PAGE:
If you have not owned an electric car or driven it more than aroundthe block, you would never know. Therefore, as a short, you areaiming in the wrong direction, and so you miss.
It's not relevant whether an electric car impacts upon the environment ornot. I personally don't think there is anything wrong with theenvironment -- other than the loud noises made by cars and trucks -- sothere is no problem in need of fixing except for noise pollution.Electric cars are awesome in the same way a Porsche 911 is more fun todrive than
Corolla. An electric car makes a Porsche 911 seemboring and unsophisticated.
Once people get behind the wheel of an electric car and can drive itin a relaxed manner in their everyday routine, they tend to buy them.Driving is believing. That should tell you something. Just look atthe owner satisfaction ratings, whether for Tesla, the Chevy Volt orfor that matter the iPhone.
3. Underestimating sales projections
Tesla has guided to 21,000 cars this year and 45,000 cars per year"over time." Most Wall Street estimates show some sort of ramp from21,000 to 45,000 cars over a whole bunch of years.
These are totally wrong.
The 2013 number may not exceed 30,000 cars, but five years from nowTesla would be capable of selling 200,000 to 450,000 cars per year.By 2017, Tesla will have a car that will cost less than $40,000 ininflation-adjusted dollars.
In the U.S., 16 million cars are sold every year, and 80 millionworldwide. If we were talking about smartphones you should see over50% of these being the new technology well within a decade.
By 2018, half of all drivers will have experienced driving an electriccar. Almost all of them will want to buy one. Tesla will, in turn, getsome share of these. At 1% of the worldwide car market it would be800,000 cars per year. That's the approximate level Tesla should endup longer-term.
How many Wall Street analyst models have Tesla selling 800,000 carsper year? I haven't seen one yet.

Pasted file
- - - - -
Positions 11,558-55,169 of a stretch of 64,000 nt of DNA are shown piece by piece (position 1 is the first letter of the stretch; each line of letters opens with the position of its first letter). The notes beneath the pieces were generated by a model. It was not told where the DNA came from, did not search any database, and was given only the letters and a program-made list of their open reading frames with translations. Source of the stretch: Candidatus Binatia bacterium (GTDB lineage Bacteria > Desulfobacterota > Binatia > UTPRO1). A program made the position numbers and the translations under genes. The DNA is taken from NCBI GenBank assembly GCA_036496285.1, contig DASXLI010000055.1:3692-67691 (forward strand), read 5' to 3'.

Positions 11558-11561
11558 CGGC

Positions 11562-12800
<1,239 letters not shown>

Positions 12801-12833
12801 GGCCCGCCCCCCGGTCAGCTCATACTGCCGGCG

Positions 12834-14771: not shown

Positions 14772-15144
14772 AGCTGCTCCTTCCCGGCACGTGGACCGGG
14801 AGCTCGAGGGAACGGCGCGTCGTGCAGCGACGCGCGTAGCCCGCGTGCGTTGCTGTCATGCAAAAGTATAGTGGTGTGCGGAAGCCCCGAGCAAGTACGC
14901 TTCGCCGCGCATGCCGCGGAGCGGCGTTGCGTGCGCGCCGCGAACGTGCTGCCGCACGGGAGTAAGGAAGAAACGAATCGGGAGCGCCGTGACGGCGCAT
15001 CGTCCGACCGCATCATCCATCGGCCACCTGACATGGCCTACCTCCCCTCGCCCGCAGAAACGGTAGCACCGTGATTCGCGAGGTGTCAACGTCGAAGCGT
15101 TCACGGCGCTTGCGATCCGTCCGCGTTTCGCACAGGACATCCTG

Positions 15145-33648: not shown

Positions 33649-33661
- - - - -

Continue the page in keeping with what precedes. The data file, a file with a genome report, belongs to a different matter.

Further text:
Here is one thought experiment: Tesla says it can sell 15,000 carsper year in the U.S. Actually, it is off by a fair bit there, too.Tesla can sell those 15,000 cars per year in the 80-mile corridorbetween San Francisco and San Jose, Calif. At the current sales rate,it is probably doing it already.
So what could go wrong with my ultra-bull Tesla thesis?
There are obviously all sorts of execution risks, all the way to aCalifornia earthquake. However, the big one is simple: competition.Every other car maker will be launching very attractive electric carsbetween 2013 and 2017.
Contrary to rumor, the big car makers are not too stupid. They arewatching, and some of them are feeling the pain from Tesla'scompetitive heat in Silicon Valley sales.
The big car makers may have been off to a slow start, but that willnot last forever. In a few short years -- starting with
andGM/Cadillac -- Tesla will eventually end up with significant premiumelectric car competition. One decade from now, at least 50% of allnew cars sold will be electric -- possibly 70%. Almost perdefinition, the other car makers -- from Ford to VW to Toyota and allthe rest -- will have numerous electric cars on the road by then,starting under $20,000.
Here is the bottom line: If you are short Tesla stock and you havenot spent any meaningful time driving an electric car (Tesla orotherwise), and you based your observations on electric car adoptionoutside Silicon Valley, and you think that electric cars in generalaren't going to dominate within the decade -- I'm sorry, but thenyou're an idiot.
Full disclosure: I have spent over 25,000 miles driving every singleelectric car in the market -- I think -- except for the
. Basedon this, I feel like I'm qualified to invest in Apple stock based onbeing the first guy in line to have bought the iPhone on June 29,2007.
At the time of publication the author was long AAPL..
This article was written by an independent contributor, separate from TheStreet's regular news coverage.
This contributor reads:
On Twitter, this contributor follows: